Scotland’s health service is set to declare “major incident” status as the army is called in to deal with a flood of Omicron cases.
As troops were deployed to help hospitals in Grampian, Ayrshire and Lanarkshire, opposition MSPs said the NHS was now at “crisis point”.
Last night with hospitals under pressure from Covid and staff self-isolating, one health board warned it was ready to declare “major incident” status.
That is normally reserved for large-scale incidents such as major disasters – and would be the first time it has been declared outwith these events.
As NHS Grampian announced the move, Labour shadow health secretary Jackie Baillie said: “This is an incredibly worrying development. NHS Grampian is the latest in a line of health boards to indicate that they are soon to declare a major incident, and the Scottish Government must stand by ready to intervene.
“It is already the case that military personnel have been drafted in to support NHS staff in Grampian, NHS Ayrshire and Arran and NHS Lanarkshire today. It is clear that the NHS is now at crisis point.”
In a briefing to staff NHS Grampian said due to “an exponential growth” of cases in the last fortnight, it could declare a “major incident” next week.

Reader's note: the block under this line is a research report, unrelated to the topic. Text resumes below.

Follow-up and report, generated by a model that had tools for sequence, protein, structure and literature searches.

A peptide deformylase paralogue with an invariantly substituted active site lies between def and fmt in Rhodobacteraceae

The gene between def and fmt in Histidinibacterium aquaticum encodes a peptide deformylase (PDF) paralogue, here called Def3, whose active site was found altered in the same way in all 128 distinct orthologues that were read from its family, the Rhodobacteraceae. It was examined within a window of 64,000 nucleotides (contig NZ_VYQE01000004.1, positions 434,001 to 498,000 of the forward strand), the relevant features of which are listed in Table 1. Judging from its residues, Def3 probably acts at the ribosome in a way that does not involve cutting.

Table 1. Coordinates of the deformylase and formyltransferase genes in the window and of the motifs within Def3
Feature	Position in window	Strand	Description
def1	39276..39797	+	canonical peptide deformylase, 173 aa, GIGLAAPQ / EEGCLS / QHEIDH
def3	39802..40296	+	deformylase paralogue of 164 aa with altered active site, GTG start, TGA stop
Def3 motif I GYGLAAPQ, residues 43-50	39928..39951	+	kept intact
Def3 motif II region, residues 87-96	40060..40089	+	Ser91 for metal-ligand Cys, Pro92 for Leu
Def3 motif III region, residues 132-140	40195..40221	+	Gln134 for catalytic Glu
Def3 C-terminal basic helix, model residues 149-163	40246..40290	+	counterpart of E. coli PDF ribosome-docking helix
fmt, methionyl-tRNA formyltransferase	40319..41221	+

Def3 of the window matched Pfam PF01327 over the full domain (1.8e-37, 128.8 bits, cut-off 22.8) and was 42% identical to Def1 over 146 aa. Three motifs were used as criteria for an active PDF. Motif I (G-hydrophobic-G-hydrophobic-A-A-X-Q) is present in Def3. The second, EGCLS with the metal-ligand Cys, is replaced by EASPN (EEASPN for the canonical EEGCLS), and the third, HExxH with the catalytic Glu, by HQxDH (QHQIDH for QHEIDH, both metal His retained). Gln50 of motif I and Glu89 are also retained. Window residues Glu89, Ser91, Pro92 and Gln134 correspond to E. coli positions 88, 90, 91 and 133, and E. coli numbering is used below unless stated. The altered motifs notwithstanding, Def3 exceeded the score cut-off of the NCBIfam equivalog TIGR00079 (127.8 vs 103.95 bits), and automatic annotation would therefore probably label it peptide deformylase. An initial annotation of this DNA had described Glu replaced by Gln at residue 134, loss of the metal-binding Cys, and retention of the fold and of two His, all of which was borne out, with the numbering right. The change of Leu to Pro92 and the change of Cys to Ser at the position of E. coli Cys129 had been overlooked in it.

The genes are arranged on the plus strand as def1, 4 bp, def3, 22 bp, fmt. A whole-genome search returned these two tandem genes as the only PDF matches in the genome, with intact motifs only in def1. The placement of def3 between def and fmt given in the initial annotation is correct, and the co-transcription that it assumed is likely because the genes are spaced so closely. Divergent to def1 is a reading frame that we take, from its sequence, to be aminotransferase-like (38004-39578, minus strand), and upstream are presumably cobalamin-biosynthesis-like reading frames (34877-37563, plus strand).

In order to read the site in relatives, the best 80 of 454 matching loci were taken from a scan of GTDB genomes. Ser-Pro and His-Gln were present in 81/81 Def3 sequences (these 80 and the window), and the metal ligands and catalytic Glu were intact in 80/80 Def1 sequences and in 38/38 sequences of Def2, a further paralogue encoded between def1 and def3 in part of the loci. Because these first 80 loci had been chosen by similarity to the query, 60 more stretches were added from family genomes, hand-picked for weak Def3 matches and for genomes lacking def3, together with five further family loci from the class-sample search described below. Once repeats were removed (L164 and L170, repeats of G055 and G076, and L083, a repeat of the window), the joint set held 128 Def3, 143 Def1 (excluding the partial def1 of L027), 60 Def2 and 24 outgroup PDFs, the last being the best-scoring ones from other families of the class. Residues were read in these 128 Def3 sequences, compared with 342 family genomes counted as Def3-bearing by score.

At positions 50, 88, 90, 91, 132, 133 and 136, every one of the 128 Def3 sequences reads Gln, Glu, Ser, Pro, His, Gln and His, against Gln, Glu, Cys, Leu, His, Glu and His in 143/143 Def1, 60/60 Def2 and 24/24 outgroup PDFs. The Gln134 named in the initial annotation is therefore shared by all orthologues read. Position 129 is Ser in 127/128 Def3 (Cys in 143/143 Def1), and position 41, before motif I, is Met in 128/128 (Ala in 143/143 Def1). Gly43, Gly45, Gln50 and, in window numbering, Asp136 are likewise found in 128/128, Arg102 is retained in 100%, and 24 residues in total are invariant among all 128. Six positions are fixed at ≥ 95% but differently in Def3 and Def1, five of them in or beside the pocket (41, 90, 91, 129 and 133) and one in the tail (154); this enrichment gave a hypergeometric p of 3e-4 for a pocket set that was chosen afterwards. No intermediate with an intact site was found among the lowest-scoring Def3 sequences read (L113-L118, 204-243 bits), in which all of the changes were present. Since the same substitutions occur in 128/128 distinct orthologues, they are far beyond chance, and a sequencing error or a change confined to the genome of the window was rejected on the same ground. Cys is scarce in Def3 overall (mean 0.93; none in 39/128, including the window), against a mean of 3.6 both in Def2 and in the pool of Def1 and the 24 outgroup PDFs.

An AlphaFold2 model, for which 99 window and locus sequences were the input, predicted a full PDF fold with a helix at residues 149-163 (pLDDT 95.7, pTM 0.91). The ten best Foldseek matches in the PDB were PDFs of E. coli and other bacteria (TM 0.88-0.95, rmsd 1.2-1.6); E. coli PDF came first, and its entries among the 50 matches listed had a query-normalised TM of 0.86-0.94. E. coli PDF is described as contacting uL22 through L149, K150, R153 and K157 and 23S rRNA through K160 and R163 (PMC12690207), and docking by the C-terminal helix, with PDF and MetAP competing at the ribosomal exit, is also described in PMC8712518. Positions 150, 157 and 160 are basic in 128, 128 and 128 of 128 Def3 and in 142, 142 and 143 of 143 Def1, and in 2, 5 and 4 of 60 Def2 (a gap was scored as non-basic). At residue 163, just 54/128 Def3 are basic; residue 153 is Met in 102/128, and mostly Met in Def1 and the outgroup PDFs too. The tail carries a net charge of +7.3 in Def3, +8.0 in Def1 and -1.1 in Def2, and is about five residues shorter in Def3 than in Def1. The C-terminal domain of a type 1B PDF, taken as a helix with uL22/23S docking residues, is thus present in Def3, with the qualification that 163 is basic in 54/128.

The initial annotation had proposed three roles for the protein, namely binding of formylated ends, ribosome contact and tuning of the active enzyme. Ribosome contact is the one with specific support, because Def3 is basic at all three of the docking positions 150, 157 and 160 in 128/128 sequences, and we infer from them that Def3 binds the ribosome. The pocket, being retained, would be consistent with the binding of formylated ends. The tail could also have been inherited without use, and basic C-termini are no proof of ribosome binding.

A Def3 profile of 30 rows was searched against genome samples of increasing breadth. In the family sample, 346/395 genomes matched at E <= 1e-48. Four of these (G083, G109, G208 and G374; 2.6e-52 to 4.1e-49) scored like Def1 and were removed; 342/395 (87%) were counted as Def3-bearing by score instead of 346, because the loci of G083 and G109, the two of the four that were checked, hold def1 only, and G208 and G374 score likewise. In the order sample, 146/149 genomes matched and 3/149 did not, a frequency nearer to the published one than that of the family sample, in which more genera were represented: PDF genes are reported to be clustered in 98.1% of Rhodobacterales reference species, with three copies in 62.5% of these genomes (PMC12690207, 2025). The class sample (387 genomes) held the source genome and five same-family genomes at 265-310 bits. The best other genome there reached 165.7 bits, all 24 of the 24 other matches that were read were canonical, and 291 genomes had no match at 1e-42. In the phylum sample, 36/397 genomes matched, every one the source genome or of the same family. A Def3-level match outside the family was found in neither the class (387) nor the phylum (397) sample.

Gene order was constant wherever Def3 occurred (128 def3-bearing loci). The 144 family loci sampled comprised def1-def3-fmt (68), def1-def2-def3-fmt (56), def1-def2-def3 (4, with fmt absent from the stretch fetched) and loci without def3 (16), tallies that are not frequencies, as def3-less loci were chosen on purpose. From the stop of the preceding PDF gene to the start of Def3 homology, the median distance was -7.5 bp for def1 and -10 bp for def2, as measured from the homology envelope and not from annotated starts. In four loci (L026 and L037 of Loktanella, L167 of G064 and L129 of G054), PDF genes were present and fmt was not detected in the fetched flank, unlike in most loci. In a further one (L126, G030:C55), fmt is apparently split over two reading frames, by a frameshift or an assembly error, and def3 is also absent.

It said: “Based on our modelling data, we anticipate a continued and significant growth in the levels of the disease placing even more significant pressure on care homes, primary care teams, community teams and hospitals.
“Our planned response will include a declaration of a major incident when a number of key trigger points are reached. Looking at our local data, these triggers could be met as early as the end of next week.”
The board said a Major Incident Plan covering about 30 days would be available from next week.
The statement added: “It will include how staff may be affected with regards to deployment, non-critical clinical and non-clinical activity and changes in service capacity.”
Military personnel have already arrived to support NHS staff in NHS Grampian, NHS Ayrshire and Arran and NHS Lanarkshire.
Grampian will have 38 service personnel for four weeks, while 32 will work in Lanarkshire for the same period, with 20 in Ayrshire in Arran for the next six weeks.
They are expected to be deployed as healthcare support workers and nurses in the emergency and intensive care departments.
The personnel have joined 221 members of the Armed Forces who have been supporting the vaccine programme across Scotland, with 96 driving ambulances in support of the Scottish Ambulance service.
Health Secretary Humza Yousaf said: “I’m grateful to military personnel for their efforts at this time, along with all frontline staff in our NHS for the vital role they play in help keeping us safe.”
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The Scottish Government said it was looking at a “range of options” to assist the NHS including ‘hospital at home’ – where patients who would normally require a level of acute care in hospital can receive treatment at home.